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The life and dreams of a young filmmaker

We chat to Mason Cade Packer about his love of filmmaking from a young age and his most recent award-winning film, Generation G.


Young filmmakers, Mason Cade Packer and James Murray were the recipients of this year’s Creativity and Culture Award for the Making A Difference film competition run by Inspiring Stories. Their film Generation G is a short documentary that tells the story of four anonymous graffiti artists contributing to the cultural rebuild of  Christchurch post-earthquakes. They wanted to tell a story about Christchurch from a different perspective and were influenced by what they perceived as a lack of vibrancy in the city. They have been questioned on their ethics upon making this film as they worked in the highly fraught environment of post-quake Christchurch where stories have been told and misconstrued endlessly over the years. We talk to one half of the Generation G duo, Mason Cade Packer, about his journey as a young filmmaker, which started with making short lego films with a home video camera as a 5-6 year old.

You’ve been making films since you were very young. What was it about film that first ignited something in you?

Jeez, this is a hard one. I think it was a mixture of just simply being infatuated by screens; video games, television, films and the power those had, the influence of them, as separate mediums. When I was really young, I’m talking like 5-6 years old, I used to make short lego films with our family home video camera. I know a lot of my later inspiration for working in the film industry came from my older brother Cody, who is also a writer/director, currently based in Chicago, IL.

Tell us the story of the first film you made: How did you come up with the idea and why?

My first film was ‘Predator’, a short documentary about the inhumane act of shark-finning in New Zealand. It was created for The Outlook for Someday Film Competition in 2013 I think. It was a hell of an endeavour for my first film. I got the incredible opportunity to work alongside “Shark Man” Riley Elliott on bringing the message to life. My close friend at the time was invested in the cause, and ran her own anti-shark finning organisation, so she was the inspiration for starting the project. From there it just branched out. I made trips to Auckland and Wellington for protests, seminars and events. I interviewed some of the most knowledgeable people in the country about marine biology. And, I sneaked undercover, as a 13-year-old boy, into a Chinese restaurant, with a hidden camera and microphone and uncovered a secret menu item that used shark fins. So, yeah.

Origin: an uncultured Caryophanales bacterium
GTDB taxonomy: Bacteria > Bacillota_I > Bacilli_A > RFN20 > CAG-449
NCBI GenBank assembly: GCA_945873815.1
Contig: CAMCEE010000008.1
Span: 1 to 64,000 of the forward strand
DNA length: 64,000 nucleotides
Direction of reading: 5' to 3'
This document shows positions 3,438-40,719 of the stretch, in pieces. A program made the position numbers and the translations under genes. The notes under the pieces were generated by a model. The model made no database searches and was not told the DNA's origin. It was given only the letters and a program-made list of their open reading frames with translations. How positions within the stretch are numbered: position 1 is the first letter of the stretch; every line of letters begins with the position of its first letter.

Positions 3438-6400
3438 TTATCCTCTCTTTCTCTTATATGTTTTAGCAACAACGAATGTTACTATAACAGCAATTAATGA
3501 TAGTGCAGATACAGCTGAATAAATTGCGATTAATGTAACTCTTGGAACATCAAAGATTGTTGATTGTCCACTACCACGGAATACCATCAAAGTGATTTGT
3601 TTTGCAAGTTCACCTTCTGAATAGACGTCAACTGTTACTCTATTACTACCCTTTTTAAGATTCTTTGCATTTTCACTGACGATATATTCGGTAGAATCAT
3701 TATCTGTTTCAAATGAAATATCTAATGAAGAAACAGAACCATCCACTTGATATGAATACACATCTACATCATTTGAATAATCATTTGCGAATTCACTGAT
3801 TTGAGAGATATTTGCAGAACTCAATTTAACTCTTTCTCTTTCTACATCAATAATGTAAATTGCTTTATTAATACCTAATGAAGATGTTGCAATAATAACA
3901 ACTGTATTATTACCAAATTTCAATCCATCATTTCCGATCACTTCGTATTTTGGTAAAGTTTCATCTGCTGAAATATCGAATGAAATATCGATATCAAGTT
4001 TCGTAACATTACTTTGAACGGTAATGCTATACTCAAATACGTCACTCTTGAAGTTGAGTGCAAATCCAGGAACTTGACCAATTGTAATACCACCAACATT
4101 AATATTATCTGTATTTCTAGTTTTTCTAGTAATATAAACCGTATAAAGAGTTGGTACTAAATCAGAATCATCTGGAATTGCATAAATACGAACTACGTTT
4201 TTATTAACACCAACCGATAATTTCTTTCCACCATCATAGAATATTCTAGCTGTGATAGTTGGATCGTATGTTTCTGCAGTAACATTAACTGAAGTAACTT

Who were your influences or main supporters in your fledgling film making days? How did they influence or support you?

Parents, parents, parents. It’s pretty cliché, but they usually are your biggest investors when starting out this early, of both time and money. If you can prove your devotion to a project, they will always help you out. Aside from that, I had the luck of attending one of three high schools in New Zealand that offered an NCEA film program, so I was surrounded by peers and teachers who would spill countless hours and resources into my bringing my ideas to life.

Your films tend to highlight a current issue in society: What do you see the role of film making to be in society? What types of issues/stories/subject matters attract you or spark your imagination?

Yeah, this one is a bit of a coincidence actually. Most recently I’ve made a film on surviving cancer. My older works include shark finning, food waste, euthanasia, which all play into environmental sustainability and now ‘Generation G’ addresses cultural sustainability. The thing is, I’m no better than the next guy/gal at saving our environment. I drive my car, I occasionally don’t recycle, I’m probably pretty wasteful with food myself, so I admit to not being all that passionate about these topics in my day to day life. However, when they arise and combine with my love of storytelling and film-making, I grow closer to the importance of these issues, and creating documentaries around them is always a huge learning experience for me.